Cookbook:Cuisine of Iceland

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Lifrarpylsa: liver sausage, cooking in a pot.
Harðfiskur: wind dried fish.

Þorramatur (Thorramatur, food of the þorri) is a selection of traditional Icelandic food, consisting mainly of meat and fish products cured in a traditional manner, cut into slices or bits and served with rúgbrauð (dense and dark rye bread), butter and brennivín (an Icelandic aquavite). Þorramatur is consumed during the ancient Nordic month of þorri (Thorri), in January and February, particularly at the mid-winter feast of Þorrablót (Thorrablot) as a tribute to old culture. Being thus connected with the tradition of Þorrablót festivals, Þorramatur is most often served as a buffet.



Þorramatur consists of many different foods, including:

  • Kæstur hákarl, putrefied Greenland shark
  • Súrsaðir hrútspungar, the testicles of rams pressed in blocks, boiled and cured in lactic acid
  • Svið, singed and boiled sheep heads, sometimes cured in lactic acid
  • Sviðasulta, head cheese made from svið, sometimes cured in lactic acid
  • Lifrarpylsa (liver sausage), a sausage made from the offal and liver of sheep kneaded with rye flour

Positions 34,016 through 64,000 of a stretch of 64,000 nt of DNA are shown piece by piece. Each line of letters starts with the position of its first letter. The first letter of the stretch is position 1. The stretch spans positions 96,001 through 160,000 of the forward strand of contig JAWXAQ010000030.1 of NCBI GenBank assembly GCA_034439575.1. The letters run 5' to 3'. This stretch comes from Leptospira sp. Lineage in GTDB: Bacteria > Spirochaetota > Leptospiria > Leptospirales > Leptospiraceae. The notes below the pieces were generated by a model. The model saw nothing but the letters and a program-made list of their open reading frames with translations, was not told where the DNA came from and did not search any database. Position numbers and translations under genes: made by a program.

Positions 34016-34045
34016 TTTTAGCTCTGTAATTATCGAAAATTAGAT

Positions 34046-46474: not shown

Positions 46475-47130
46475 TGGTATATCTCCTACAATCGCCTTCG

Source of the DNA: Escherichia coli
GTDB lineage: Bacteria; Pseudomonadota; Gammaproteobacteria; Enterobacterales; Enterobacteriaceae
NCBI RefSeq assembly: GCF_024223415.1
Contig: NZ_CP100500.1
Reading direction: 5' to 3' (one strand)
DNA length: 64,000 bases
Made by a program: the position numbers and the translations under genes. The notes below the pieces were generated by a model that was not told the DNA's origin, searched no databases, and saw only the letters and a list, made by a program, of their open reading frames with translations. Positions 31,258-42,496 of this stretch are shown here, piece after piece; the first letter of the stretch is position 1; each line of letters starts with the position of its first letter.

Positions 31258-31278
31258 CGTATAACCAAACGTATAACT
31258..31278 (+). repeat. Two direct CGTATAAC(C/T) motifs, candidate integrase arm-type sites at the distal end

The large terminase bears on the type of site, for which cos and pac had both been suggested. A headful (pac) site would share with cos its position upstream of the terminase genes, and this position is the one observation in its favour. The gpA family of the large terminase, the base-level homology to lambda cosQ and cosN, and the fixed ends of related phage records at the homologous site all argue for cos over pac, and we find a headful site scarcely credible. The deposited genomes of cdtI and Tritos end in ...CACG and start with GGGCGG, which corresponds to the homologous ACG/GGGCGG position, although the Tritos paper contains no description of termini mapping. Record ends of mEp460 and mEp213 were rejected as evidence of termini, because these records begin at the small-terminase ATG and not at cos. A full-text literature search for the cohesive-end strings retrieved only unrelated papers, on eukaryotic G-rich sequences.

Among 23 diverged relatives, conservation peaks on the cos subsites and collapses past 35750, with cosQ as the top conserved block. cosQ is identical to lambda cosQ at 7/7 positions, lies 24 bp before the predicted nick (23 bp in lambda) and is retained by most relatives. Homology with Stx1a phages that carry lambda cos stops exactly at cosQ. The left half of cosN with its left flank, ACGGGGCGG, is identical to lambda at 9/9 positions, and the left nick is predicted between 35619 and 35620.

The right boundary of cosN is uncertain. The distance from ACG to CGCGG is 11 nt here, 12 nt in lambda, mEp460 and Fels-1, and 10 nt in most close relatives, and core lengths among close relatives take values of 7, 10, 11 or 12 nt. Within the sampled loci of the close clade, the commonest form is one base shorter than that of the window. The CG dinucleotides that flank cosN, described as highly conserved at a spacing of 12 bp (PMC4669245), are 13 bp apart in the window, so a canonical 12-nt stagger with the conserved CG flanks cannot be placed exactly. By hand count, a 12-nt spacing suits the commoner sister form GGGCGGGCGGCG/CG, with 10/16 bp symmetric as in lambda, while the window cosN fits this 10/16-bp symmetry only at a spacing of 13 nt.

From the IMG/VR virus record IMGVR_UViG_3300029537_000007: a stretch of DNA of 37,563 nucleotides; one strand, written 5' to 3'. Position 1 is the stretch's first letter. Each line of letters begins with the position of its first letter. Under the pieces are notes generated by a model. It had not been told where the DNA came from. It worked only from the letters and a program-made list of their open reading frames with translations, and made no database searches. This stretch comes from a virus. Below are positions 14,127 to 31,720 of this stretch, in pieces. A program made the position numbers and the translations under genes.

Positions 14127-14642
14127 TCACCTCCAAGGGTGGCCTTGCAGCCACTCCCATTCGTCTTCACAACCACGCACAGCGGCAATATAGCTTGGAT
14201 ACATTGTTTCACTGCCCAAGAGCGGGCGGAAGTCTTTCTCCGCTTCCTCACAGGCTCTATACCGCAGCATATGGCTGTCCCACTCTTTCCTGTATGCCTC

• Blóðmör (blood-fat; also known as slátur, meaning slaughter), a type of blood pudding, which is prepared like lifrarpylsa without the liver and adding blood
  • Harðfiskur, wind-dried fish (often cod, haddock or seawolf), served with butter
  • Rúgbrauð (rye bread), traditional Icelandic rye bread
  • Hangikjöt, (hung meat), smoked and boiled lamb or sheep meat
  • Lundabaggi, sheep’s loins wrapped in the meat from the sides, pressed and cured in lactic acid
  • Selshreifar, seal's flippers cured in lactic acid

During the month of þorri, þorri buffets are quite popular in Iceland where many restaurants in Reykjavík and elsewhere serve þorramatur. It is almost always served on wooden platters, called trog (trough). At these gatherings, Icelandic Brennivín is often consumed in copious amounts.